Defending yourself against the silent killer

Under new blood pressure guidelines, half the US population is now at risk for hypertension. Luckily there are numerous ways to treat and prevent this “silent killer.”  

I don’t know about you, but I’m much more of a salty-snack, “chips” kind of a guy now than the sweet-toothed, sugar monster I was as a child.  It’s common knowledge that high-sodium diets can lead to high blood pressure, but newer research suggests that added sugars are equally pernicious: so both us savory snackers and you cookie monsters should get our blood pressures checked regularly.

High blood pressure (hypertension) is called a “silent killer” because it has no obvious symptoms to indicate that something is wrong, despite being a major risk factor for heart disease.  Approximately half of all strokes and heart attacks are attributed to hypertension, which also increases the risk for vision loss, kidney disease, dementia, and sexual dysfunction.

High blood pressure should now be treated at 130/80 according to new recommendations by the American College of Cardiology and ten other health organizations (previous guideline was 140/90).  As a result of the new guidelines, doctors are now discussing hypertension with an additional 30 million adults. Hopefully they’re using words like vegetables, fruit and home-cooking, because diet should always be the first line of treatment for mild and moderate hypertension.

Defend with a Dashing diet

Both your doctor and your search engine will tell you that the best diet to treat high blood pressure is the DASH diet (Dietary Approaches to Stop Hypertension) emphasizing fruits, vegetables, whole grains, beans, nuts, low-fat dairy, seafood and poultry.  This dietary pattern probably sounds pretty familiar, as this diet also reduces the risk for diabetes, osteoporosis, kidney stones, cancer, and heart failure, and is endorsed by the Dietary Guidelines for Americans as an example of a healthy eating pattern for all.   The DASH diet was developed by the National Institute of Health, and first presented to the public in 1998.  It has remained one of the most popular diets, earning “best overall eating plan” 8 years in a row by US News & World Report.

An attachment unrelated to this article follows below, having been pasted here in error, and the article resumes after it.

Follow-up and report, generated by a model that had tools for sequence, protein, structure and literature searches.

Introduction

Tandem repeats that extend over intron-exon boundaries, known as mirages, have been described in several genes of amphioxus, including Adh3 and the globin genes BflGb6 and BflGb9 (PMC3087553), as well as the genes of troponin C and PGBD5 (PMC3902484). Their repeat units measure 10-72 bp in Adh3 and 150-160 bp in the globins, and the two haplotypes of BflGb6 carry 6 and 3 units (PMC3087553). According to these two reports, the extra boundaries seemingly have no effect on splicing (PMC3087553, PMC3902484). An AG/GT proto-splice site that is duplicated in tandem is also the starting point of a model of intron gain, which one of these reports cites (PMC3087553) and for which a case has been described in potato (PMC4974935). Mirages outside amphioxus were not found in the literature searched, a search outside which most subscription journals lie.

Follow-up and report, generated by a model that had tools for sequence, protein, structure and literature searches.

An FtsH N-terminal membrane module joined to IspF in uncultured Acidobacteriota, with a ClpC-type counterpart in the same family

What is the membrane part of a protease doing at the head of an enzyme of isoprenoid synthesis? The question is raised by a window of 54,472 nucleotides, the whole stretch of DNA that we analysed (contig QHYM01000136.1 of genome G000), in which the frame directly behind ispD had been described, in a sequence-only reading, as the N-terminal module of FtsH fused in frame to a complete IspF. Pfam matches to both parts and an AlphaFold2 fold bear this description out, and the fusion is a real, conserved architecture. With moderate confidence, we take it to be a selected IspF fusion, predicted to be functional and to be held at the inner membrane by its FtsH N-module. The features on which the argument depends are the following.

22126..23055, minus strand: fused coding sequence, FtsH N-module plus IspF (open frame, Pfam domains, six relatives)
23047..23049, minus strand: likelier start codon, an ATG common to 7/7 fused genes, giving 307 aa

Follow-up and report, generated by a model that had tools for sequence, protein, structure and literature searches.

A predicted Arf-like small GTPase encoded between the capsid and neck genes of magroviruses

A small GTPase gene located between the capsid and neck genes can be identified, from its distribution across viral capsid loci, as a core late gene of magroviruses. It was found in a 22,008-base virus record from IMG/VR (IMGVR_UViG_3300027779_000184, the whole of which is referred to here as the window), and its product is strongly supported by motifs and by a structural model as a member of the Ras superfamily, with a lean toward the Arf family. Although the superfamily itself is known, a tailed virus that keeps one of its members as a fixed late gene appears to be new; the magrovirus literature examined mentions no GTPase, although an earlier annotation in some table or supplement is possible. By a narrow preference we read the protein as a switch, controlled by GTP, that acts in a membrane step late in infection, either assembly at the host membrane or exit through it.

The DASH diet is low in sodium and emphasizes foods rich in potassium, magnesium, and calcium – electrolyte minerals that regulate blood pressure.  Potassium and sodium work together in our bodies to regulate fluid balance, and the ratio of potassium to sodium in the diet is a strong indicator of risk for heart disease.  Eating more potassium rich fruits and vegetables is one of the most effective dietary strategies to improving your blood pressure, and most Americans consume less than half of the recommended 4,700 mg day, so there is a lot of room for improvement.

If you eat a lot of packaged foods, your sodium intake can become quite high, because salt is used as both a preservative and flavor enhancer.  Most salt in the US diet (75%) comes from packaged foods, not the salt shaker.  Here is a useful tip when reading food labels: look for foods with a 1:1 ratio of sodium to calories.  Most Americans consume approximately 2,000 calories/day, and our sodium recommendation is less than 2,300 mg/day – so looking for packaged foods with an equal ratio of sodium to calories prevents overconsumption of sodium throughout the day.

Some research suggests that limiting added sugar is as important, or potentially more important, than sodium in influencing blood pressure.  For example, a single serving of soda can raise blood pressure 15 points, and according to the British Medical Journal “added sugars probably matter more than dietary sodium for hypertension.”  The DASH diet recommends moderate alcohol consumption; but warns that excessive drinking can raise blood pressure.